* * * (out of five)
Anna Kendrick commits with all she’s got to a perfect role for Anna Kendrick, now that Anna Kendrick is old enough to play a “mom”, in Paul Feig’s incredibly sunny, bright and colourful A Simple Favour, which gender-riffs on Double Indemnity but with naught but the brightest blue skies. This is neo-noir with chardonnay on bright Tuesday afternoons, James M. Cain crossed with Marian Keyes.
Blake Lively plays Barbara Stanwyck to Kendrick’s Fred MacMurray, and while the metaphor doesn’t reflect the plot, it certainly applies to the awe with which Kendrick’s Stephanie gazes on Lively’s Emily, a daytime-tuxedoed PR firefighter who works in the city – the main action takes place in Connecticut – for one of the world’s great designers. Everything about Emily makes Stephanie look commonplace, and Lively, whose delivery is preternaturally naturalistic, makes Kendrick – who, lest we forget, has played Cinderella in Into The Woods and at the Oscars – look like a strangely-featured, cartoonish imp. Only the insanely beautiful can make the incredibly beautiful look close to ordinary.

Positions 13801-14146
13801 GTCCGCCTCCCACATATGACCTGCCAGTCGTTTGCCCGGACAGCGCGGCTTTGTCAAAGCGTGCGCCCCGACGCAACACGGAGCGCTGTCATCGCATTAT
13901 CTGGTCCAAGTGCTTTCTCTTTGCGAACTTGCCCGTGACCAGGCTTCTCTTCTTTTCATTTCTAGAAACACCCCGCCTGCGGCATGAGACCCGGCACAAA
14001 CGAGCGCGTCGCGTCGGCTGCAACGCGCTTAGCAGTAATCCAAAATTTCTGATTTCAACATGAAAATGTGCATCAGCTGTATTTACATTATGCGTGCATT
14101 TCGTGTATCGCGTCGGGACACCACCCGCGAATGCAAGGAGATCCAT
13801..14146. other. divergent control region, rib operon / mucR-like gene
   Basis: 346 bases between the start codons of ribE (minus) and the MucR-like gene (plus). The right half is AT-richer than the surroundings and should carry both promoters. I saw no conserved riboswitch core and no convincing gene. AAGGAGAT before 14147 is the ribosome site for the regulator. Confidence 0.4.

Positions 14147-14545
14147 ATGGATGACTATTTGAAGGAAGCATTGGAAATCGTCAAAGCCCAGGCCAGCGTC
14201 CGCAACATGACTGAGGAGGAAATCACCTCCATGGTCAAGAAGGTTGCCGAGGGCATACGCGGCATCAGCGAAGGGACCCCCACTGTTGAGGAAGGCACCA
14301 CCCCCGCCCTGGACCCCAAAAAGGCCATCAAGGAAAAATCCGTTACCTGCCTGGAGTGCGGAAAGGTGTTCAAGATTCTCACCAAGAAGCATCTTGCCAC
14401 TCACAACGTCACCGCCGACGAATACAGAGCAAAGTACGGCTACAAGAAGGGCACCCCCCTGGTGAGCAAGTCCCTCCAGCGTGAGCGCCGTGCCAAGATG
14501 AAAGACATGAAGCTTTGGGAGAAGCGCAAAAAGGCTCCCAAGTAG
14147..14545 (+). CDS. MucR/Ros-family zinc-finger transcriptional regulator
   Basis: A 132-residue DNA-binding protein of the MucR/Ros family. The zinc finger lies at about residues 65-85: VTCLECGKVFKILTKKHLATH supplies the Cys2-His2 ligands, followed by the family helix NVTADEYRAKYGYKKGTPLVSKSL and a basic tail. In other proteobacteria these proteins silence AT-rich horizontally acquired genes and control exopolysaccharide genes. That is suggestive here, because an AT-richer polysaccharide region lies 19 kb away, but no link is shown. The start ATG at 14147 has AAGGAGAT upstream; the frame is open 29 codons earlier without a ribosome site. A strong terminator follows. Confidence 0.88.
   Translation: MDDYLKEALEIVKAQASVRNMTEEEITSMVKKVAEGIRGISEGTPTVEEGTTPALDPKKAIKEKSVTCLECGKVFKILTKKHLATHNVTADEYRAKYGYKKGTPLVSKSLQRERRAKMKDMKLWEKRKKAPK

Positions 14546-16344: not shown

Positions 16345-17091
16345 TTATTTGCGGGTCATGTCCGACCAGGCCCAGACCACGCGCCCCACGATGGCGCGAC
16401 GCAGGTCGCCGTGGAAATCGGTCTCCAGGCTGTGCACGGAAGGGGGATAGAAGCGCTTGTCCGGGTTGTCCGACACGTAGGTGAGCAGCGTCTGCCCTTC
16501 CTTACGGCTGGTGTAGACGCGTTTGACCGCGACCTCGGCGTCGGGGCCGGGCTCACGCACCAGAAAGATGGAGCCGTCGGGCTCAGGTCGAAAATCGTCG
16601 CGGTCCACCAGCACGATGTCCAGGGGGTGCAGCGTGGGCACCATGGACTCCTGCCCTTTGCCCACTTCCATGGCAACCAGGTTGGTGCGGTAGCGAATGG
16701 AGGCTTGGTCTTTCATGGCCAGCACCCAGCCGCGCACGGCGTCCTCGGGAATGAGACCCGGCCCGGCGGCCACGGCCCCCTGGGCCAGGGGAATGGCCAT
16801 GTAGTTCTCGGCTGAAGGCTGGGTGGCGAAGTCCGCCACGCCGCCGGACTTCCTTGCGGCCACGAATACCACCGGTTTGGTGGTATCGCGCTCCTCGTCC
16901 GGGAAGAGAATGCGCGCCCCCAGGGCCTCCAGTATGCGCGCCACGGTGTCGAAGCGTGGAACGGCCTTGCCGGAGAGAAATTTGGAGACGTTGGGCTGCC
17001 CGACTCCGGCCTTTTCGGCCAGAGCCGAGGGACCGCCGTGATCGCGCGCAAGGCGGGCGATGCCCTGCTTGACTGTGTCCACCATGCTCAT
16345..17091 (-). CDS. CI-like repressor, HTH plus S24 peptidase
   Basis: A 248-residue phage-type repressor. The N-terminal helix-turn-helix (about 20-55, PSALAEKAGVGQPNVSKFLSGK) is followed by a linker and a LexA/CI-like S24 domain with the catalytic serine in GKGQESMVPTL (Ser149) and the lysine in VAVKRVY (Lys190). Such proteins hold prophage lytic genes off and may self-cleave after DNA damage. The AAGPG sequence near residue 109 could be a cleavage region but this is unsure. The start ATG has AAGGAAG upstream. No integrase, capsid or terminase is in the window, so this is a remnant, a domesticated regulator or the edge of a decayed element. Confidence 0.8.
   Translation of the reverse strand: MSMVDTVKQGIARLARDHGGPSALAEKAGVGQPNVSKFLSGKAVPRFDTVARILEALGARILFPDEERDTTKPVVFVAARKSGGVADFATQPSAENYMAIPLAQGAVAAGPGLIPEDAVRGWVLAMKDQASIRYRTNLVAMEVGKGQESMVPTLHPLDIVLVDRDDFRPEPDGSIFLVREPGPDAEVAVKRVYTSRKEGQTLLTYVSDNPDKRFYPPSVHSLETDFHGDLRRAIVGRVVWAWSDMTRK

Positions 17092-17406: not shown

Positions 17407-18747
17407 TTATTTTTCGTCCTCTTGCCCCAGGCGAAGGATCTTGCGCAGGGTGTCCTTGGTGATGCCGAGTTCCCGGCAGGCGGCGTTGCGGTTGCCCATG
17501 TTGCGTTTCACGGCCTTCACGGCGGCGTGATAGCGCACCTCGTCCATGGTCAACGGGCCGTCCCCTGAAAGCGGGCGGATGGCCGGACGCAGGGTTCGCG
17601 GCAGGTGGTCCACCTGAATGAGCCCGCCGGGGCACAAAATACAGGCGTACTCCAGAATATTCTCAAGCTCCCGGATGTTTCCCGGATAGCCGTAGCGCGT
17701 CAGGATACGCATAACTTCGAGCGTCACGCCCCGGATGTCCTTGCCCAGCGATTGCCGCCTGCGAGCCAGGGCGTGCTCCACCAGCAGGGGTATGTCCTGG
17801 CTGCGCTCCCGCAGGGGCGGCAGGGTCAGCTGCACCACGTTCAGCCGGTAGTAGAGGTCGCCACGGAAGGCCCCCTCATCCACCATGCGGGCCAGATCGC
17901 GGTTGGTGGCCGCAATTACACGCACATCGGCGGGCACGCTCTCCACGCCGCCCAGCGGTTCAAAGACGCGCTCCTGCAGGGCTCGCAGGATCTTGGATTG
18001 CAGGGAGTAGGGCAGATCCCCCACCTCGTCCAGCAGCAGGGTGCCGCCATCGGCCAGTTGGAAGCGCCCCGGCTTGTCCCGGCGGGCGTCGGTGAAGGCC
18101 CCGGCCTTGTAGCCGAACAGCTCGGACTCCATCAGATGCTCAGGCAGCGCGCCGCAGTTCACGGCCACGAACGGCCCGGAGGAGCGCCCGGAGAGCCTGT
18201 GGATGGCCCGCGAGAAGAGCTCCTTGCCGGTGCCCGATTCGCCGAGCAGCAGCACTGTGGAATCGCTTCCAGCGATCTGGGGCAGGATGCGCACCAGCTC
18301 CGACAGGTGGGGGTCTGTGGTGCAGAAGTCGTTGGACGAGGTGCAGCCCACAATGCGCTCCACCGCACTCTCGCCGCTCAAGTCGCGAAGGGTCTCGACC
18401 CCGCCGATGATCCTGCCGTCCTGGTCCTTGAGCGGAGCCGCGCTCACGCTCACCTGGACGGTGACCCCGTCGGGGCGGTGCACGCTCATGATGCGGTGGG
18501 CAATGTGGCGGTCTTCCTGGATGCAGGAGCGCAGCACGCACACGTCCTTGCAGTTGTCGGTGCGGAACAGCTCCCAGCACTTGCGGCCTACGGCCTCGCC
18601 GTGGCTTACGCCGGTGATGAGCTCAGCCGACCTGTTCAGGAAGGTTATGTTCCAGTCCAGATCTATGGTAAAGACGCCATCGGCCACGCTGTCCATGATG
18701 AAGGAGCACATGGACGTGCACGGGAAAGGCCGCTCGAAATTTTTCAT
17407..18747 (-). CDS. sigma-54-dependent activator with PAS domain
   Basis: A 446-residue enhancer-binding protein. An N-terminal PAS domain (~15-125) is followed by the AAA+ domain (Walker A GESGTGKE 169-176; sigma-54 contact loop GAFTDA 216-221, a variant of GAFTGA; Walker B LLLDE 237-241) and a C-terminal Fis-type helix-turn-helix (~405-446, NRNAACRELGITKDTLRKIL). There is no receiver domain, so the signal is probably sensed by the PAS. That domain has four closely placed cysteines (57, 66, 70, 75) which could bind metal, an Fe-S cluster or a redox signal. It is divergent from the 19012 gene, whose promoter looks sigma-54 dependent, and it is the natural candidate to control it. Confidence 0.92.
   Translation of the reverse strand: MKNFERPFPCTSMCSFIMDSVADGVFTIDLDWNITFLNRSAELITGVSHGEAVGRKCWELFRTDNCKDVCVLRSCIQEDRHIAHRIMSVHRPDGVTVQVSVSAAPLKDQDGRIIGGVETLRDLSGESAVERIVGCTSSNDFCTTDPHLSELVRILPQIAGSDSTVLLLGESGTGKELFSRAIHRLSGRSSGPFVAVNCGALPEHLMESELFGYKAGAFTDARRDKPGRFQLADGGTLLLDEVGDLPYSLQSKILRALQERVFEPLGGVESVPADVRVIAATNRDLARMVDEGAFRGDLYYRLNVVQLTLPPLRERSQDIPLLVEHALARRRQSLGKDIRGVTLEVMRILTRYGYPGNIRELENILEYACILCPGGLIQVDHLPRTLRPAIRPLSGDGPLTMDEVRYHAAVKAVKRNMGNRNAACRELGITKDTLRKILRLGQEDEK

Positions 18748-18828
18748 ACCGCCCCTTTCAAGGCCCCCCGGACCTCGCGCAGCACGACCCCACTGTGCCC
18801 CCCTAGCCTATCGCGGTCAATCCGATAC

Kendrick’s all-in acting style and Lively’s laid-back naturalism could clash, but instead they blend beautifully – these are meant to be wildly different people, even though they’re living in the same one percent – and the first act scenes of the two of them together are the best in the film by a Connecticut mile. Sadly, the second act is haphazard and draggy, and the climax is clunky and unsatisfying. The newly minted hunk of Hollywood, Henry Golding, so terrible in Crazy Rich Asians, is once again terrible here. This guy is gorgeous and supremely well spoken; he really should take two years out to go to a fine acting training program (any would have him) and re-emerge with some chops. He can’t go on as he’s going on, because at the moment, there ain’t nothing going on.
In the end, Kendrick, Lively, Feig’s direction, and the sunny Connecticut exteriors and stunning tasteful rich interiors are diverting enough and perhaps worth a matinee ticket. But the script only has a single good act, and after about the forty minute mark, diminishes with every scene. This is the kind of idea the Coen Brothers make small masterpieces out of, but they would have put this script down at page thirty-seven and never picked it up again.